Good News: The Best Time Of Year To Rent An Apartment Is Almost Here
So you’re finally ready to make the move to a new apartment. Congrats! Whether you’re leaving your parents with an empty nest or putting that promotion income to good use for your own place, be smart about timing. Depending on your location and personal situation, there might actually be a best time for you to rent an apartment and save a few bucks.
The Best Time To Rent An Apartment
Zillow’s director of economic research Aaron Terrazas told Curbed that, historically, rents tend to bottom out — or be the lowest of the year — in late winter or early spring. So, if you’re looking to move, February and March might offer the best prices of the year.
Now, it could suck to apartment search and pack in the dead of winter when there’s snow, holidays and new goals to meet at work. However, according to Curbed, apartments tend to linger on the market a little longer during the winter season, though the number of options might be limited. This will at least give you a little more time to figure out what will work best for your situation.
Timing Isn’t Everything
Although trying to time the market could save you a little on rent every month, it’s not everything. It’s important to consider the cost of everything else that goes into your move, too.
For instance, the late winter and early spring months are also income tax season. If you know you’ll get a decent amount of money back on your income tax return, then it could be smart to wait for that check to clear. Those funds could help you pay for the lease application, your new security deposit and a moving truck.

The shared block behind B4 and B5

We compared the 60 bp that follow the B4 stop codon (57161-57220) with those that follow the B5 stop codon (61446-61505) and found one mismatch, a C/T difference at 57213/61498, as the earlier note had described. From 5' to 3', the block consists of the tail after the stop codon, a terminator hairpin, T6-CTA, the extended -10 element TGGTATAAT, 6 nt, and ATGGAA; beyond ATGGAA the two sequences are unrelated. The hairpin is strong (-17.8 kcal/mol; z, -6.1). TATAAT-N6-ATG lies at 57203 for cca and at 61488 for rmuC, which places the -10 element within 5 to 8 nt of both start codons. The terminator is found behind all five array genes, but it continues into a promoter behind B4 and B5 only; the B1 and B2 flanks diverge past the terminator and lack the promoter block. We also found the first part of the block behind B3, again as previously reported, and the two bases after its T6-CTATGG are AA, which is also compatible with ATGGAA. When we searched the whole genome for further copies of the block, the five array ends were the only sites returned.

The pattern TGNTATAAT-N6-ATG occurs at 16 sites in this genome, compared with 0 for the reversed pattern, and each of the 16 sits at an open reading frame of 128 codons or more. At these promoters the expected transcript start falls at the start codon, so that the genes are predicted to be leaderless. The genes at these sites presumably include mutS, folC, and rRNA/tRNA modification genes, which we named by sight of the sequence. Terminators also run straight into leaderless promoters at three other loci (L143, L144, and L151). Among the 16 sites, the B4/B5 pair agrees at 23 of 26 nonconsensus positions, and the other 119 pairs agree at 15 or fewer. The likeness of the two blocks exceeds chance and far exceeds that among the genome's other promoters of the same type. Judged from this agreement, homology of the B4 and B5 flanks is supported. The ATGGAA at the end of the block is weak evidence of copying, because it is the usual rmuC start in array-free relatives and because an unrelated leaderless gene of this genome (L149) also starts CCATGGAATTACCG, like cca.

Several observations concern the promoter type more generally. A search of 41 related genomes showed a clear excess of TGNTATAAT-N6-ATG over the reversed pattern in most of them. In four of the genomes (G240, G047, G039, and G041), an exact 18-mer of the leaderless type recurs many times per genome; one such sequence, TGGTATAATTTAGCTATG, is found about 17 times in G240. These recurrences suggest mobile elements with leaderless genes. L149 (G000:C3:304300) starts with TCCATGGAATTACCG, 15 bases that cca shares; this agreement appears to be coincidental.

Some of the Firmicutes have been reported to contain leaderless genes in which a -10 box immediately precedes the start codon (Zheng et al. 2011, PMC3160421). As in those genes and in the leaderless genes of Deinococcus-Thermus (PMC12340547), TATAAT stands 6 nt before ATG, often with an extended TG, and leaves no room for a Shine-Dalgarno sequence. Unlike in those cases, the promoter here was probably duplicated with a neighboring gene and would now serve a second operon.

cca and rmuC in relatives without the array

Another thing to think about is what you might be leaving behind. If you want to move but are locked into an apartment lease that doesn’t end for three months, you could end up paying a hefty fee to break it. Is it really worth it?
Pro Tip: After your first year in an apartment, consider asking your landlord or management company if you can pay on a month-by-month basis. This allows you more flexibility in an apartment that you don’t consider your life-long residence.
And don’t forget about getting your current security deposit back. Look around the place and start fixing anything that could end up costing you money. Patch any holes in walls where you hung frames with nails, tighten any loose cabinets or doorknobs, clean the refrigerator, oven and microwave really well, etc. Do whatever you have to do to put the place back in its original state when you moved in.
Pro Tip: Consult the photos you hopefully took when you first moved in. These will remind you of what was there before you occupied the space. It’s important that your landlord doesn’t blame you for a loose baseboard that was there when you originally moved in.
Whatever you do, make sure you’re renting an apartment that’s best for you and your lifestyle. A new job in a new city might mean you need to get up and go ASAP, which could cause you to lose money on your current place. But if that new job also comes with a great pay bump, it could be worth it in the long run. By watching the rental market in your area, you’ll make smarter moves in finding your next home.
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